I'm a female engineer, so I can say there is NO active discrimination against women in STEM fields.
There are several reasons why women are not as common in STEM as the life sciences or social sciences where they dominate. Interesting how no one screams sexism that men aren't half of nurses or lab workers.
1. While women's IQ is a narrow bell curve around average, men's is a flatter, broader curve. More idiots and more geniuses. End result - more men as a percentage are the uber-geniuses necessary to be math whizzes and physicists.
2. Men on average have better visual spacial skills for visualization that is necessary for Calculus 2&3 and engineering courses. Linear algebra, logistic matrices were much easier for me - so I shifted to industrial and manufacturing engineering.
3. Girls prefer on average dolls, cooking toys, playing house. Boys prefer to take things apart and learn how they work. I played with legos with my brother, but I also had barbies. I've given both my son and daughter Raspberry Pi. Those interests lead to learning that impact interest later on in tech fields.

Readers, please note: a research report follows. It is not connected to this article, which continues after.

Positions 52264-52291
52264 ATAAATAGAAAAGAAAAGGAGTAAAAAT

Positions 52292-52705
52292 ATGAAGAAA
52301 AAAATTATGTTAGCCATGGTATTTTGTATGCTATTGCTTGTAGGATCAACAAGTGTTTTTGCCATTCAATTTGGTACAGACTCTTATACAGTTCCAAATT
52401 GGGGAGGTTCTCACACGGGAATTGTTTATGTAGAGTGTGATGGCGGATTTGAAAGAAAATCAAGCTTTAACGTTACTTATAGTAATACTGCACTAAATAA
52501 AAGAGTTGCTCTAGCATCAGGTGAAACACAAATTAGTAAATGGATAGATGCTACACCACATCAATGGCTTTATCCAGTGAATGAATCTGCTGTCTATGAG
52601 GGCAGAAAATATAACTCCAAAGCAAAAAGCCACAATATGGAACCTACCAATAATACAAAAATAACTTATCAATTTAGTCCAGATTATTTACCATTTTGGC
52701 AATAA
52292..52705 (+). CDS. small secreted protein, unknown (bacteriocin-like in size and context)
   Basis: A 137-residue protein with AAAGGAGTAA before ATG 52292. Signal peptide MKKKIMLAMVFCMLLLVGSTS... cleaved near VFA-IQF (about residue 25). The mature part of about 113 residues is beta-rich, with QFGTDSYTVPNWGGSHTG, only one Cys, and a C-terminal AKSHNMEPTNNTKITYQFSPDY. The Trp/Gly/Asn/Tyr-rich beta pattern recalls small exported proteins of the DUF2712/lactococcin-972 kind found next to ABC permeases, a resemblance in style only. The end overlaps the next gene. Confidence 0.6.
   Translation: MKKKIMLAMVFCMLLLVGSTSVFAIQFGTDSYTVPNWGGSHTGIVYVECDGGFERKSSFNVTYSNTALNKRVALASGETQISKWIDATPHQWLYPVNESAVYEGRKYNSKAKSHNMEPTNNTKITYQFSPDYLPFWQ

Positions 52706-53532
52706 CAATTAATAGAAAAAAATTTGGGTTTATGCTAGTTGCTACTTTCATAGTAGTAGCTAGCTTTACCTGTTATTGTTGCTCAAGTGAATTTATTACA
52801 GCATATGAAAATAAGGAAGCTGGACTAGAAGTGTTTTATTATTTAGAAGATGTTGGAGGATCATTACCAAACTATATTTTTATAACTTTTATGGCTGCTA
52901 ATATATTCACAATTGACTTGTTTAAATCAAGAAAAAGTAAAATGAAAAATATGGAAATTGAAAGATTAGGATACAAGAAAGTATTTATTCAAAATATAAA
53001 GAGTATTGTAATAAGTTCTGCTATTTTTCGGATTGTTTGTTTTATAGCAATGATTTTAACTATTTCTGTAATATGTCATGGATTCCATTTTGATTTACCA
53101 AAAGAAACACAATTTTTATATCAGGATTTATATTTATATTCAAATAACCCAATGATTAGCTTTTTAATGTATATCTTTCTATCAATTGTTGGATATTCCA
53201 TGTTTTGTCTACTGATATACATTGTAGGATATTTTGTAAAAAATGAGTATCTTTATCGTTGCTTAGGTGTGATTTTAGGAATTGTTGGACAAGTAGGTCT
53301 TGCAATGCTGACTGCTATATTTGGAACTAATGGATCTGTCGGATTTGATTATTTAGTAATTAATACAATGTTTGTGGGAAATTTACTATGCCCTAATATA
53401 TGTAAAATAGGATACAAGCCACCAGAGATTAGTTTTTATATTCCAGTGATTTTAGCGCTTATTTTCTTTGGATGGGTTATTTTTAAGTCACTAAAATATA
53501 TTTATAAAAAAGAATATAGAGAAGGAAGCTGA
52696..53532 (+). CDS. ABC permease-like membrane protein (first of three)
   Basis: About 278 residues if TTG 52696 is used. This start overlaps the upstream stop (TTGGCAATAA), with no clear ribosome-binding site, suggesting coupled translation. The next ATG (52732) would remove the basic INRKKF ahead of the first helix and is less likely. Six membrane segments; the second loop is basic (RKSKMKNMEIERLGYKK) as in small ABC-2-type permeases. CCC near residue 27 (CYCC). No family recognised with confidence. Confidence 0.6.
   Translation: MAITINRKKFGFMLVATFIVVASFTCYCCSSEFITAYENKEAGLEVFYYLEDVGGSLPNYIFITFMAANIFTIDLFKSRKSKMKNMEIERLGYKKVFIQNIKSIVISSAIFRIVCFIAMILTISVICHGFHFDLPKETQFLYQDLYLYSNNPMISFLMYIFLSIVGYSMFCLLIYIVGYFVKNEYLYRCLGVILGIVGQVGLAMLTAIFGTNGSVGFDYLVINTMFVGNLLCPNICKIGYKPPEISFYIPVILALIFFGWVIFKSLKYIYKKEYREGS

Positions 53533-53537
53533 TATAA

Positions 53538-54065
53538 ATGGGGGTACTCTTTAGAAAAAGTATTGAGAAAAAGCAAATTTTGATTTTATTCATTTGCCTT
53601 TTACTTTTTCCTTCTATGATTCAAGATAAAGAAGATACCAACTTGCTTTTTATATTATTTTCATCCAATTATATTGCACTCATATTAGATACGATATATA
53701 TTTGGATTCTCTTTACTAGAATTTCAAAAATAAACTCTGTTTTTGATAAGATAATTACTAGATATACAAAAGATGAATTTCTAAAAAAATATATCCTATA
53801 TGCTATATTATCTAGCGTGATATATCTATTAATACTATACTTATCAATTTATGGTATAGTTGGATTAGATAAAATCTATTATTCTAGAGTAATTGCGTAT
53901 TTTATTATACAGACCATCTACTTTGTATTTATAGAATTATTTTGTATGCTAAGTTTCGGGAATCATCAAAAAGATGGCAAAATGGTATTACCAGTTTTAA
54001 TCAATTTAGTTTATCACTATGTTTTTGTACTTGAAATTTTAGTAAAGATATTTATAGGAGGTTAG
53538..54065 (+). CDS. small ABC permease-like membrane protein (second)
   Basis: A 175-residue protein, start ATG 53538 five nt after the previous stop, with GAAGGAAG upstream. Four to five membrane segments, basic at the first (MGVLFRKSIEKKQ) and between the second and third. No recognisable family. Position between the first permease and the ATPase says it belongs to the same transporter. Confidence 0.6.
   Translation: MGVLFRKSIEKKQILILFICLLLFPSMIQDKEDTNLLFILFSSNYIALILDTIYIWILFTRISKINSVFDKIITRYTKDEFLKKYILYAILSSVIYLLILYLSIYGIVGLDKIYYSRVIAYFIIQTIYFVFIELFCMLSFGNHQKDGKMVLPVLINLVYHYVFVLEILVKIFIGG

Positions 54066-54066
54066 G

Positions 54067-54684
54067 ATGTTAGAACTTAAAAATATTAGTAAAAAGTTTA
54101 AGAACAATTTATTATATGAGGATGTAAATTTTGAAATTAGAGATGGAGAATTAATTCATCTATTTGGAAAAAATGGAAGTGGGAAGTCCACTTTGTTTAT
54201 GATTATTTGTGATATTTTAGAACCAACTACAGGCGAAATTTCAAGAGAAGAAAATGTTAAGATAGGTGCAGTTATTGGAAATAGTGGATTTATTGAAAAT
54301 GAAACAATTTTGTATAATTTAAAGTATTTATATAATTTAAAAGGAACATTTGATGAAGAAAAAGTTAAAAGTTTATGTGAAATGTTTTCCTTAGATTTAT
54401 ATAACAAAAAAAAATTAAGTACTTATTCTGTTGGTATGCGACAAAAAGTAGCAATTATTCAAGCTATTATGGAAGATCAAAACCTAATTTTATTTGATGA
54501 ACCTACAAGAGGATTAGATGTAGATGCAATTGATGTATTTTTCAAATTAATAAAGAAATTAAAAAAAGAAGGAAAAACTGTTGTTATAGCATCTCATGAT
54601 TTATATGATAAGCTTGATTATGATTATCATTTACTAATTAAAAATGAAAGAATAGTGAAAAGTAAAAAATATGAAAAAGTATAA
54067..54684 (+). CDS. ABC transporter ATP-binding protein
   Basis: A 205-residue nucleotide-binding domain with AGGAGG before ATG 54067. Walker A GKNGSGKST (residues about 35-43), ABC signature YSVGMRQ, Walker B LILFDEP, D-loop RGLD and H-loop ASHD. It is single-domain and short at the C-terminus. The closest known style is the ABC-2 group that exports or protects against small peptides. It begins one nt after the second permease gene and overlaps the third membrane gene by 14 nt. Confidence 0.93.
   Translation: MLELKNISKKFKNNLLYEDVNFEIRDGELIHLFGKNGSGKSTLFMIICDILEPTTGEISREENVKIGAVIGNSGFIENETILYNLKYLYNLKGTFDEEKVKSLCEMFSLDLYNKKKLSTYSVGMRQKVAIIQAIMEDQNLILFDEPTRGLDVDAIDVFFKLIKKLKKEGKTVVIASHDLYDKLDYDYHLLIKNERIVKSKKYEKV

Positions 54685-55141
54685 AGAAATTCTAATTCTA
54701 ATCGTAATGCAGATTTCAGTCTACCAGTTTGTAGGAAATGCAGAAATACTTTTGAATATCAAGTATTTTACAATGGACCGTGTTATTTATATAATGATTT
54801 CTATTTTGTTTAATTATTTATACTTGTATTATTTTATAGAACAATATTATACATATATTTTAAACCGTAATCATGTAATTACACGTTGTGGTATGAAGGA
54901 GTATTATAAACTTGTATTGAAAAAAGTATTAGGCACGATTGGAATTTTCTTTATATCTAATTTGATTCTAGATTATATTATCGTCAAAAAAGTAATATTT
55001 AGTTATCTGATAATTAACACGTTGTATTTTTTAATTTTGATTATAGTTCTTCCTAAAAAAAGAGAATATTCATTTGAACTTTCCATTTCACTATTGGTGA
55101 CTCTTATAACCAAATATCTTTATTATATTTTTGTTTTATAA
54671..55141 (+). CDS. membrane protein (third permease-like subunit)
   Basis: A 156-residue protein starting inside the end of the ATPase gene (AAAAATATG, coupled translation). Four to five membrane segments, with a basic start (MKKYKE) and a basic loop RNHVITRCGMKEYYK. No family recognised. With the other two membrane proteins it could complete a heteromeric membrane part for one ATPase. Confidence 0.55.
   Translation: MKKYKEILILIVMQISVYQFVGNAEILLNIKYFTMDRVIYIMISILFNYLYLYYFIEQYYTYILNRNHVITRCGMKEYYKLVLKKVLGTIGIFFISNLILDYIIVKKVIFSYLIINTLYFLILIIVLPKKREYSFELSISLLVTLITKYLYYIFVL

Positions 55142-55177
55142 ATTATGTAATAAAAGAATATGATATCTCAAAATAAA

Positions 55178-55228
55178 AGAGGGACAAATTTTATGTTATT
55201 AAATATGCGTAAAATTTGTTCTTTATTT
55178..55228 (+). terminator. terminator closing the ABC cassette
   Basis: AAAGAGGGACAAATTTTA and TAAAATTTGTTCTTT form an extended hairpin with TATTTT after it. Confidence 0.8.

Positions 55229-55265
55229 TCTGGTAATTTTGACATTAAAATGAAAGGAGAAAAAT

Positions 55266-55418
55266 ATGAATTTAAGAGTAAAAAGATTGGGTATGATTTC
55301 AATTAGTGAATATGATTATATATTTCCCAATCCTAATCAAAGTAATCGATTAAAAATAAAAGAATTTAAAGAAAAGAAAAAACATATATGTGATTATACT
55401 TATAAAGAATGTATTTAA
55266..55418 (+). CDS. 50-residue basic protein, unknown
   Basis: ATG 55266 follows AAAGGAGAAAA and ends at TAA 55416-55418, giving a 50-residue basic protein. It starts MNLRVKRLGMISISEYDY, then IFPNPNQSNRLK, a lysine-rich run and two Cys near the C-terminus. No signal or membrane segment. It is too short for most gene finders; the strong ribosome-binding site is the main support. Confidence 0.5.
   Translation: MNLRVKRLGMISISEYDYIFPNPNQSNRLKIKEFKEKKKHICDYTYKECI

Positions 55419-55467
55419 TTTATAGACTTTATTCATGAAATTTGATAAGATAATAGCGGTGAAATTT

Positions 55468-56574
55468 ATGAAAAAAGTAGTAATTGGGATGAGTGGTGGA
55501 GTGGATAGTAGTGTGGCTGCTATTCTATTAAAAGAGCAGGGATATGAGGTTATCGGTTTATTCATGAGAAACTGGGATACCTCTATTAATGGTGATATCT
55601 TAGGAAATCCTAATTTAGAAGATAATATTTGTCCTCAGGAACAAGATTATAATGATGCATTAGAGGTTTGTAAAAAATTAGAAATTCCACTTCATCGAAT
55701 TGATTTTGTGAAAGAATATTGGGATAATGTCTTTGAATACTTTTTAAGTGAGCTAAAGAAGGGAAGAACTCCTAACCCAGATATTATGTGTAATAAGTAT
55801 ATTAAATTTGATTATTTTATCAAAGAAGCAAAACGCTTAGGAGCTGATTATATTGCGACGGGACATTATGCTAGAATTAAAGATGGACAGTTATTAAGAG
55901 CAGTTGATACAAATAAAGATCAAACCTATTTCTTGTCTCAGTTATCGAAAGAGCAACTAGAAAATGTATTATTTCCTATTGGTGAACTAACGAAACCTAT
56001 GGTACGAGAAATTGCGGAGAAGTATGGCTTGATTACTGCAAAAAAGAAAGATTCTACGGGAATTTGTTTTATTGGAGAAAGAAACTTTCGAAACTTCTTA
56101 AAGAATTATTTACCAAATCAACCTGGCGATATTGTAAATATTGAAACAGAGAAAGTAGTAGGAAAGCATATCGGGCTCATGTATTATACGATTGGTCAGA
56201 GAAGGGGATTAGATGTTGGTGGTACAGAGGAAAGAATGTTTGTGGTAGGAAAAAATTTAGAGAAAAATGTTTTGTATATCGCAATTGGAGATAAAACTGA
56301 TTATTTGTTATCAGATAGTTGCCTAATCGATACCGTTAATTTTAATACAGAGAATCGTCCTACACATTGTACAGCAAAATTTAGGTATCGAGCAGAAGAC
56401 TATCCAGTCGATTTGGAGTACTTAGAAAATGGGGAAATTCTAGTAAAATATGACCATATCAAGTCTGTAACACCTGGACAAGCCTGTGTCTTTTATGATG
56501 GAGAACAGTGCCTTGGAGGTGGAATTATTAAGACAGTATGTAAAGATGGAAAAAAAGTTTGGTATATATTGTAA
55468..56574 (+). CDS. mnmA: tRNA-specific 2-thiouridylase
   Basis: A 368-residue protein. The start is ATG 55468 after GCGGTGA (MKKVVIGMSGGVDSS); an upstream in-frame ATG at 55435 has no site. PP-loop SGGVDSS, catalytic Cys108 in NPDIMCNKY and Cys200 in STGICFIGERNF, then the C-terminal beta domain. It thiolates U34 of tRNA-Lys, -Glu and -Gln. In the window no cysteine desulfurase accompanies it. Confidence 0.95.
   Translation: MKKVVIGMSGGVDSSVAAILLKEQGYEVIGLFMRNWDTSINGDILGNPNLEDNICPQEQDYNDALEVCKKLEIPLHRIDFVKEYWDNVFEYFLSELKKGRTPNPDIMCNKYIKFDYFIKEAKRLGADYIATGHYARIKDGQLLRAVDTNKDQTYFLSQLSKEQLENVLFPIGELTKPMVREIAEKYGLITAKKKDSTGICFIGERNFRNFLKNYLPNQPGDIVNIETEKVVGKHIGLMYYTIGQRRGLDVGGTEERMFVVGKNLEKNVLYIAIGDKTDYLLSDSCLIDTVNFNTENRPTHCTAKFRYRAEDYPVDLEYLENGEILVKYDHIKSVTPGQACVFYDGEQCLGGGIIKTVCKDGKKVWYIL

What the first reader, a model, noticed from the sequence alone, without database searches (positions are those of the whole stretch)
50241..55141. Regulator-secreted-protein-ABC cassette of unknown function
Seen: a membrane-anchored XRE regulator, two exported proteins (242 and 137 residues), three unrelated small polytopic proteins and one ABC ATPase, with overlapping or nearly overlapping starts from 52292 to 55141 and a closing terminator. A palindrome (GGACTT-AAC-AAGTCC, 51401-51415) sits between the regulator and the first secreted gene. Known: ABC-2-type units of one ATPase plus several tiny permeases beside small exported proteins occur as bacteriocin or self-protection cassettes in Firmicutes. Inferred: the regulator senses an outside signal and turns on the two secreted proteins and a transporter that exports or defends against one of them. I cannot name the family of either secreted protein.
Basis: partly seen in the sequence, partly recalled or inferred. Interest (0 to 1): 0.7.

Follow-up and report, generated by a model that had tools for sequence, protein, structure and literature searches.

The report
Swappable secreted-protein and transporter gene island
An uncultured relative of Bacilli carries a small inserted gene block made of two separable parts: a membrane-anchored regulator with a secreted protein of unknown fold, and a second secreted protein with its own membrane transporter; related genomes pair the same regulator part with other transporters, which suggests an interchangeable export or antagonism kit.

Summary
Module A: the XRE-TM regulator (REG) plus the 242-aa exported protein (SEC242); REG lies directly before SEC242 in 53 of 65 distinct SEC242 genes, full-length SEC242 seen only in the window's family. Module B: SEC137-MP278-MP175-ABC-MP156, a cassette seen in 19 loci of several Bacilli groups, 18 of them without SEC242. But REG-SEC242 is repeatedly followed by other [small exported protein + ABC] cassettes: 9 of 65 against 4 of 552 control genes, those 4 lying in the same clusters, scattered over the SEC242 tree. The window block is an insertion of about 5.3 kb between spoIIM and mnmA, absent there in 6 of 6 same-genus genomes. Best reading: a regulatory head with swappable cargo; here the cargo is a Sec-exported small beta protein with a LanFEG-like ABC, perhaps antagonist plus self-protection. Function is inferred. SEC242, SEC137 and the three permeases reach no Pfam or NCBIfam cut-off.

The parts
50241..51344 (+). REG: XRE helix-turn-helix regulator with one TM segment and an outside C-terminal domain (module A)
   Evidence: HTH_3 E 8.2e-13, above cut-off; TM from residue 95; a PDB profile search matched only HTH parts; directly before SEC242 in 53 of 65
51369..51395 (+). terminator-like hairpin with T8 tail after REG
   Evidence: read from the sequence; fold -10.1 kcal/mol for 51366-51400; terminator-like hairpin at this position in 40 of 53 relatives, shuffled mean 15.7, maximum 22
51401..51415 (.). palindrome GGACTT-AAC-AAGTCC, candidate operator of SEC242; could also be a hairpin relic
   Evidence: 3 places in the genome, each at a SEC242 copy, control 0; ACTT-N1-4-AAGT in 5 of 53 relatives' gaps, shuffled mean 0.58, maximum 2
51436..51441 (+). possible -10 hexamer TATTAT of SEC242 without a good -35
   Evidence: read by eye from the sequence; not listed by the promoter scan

4. When women are in the STEM fields, the workaholic culture often drives them away. I made as much as my husband, also an engineer, before I had children. When I couldn't work longer hours, my pay raises dropped from 5-8% to cost of living raises. When I had my second child and shifted to part time work, my career stalled. This is a reflection of a workplace that pushes overtime and grueling schedules on the high salaried workforce to offset for their high pay. We can talk about ending the expectation of 60 hour work weeks for engineers and programmers without calling it sexism, since I know that schedule burns out the men, too.
While I've spoken about averages, this doesn't preclude women having those interests or pursuing those fields. But screaming sexism to explain every gender based difference does preclude honest discussions about what works for different people and what can be done to help EVERYONE in the field.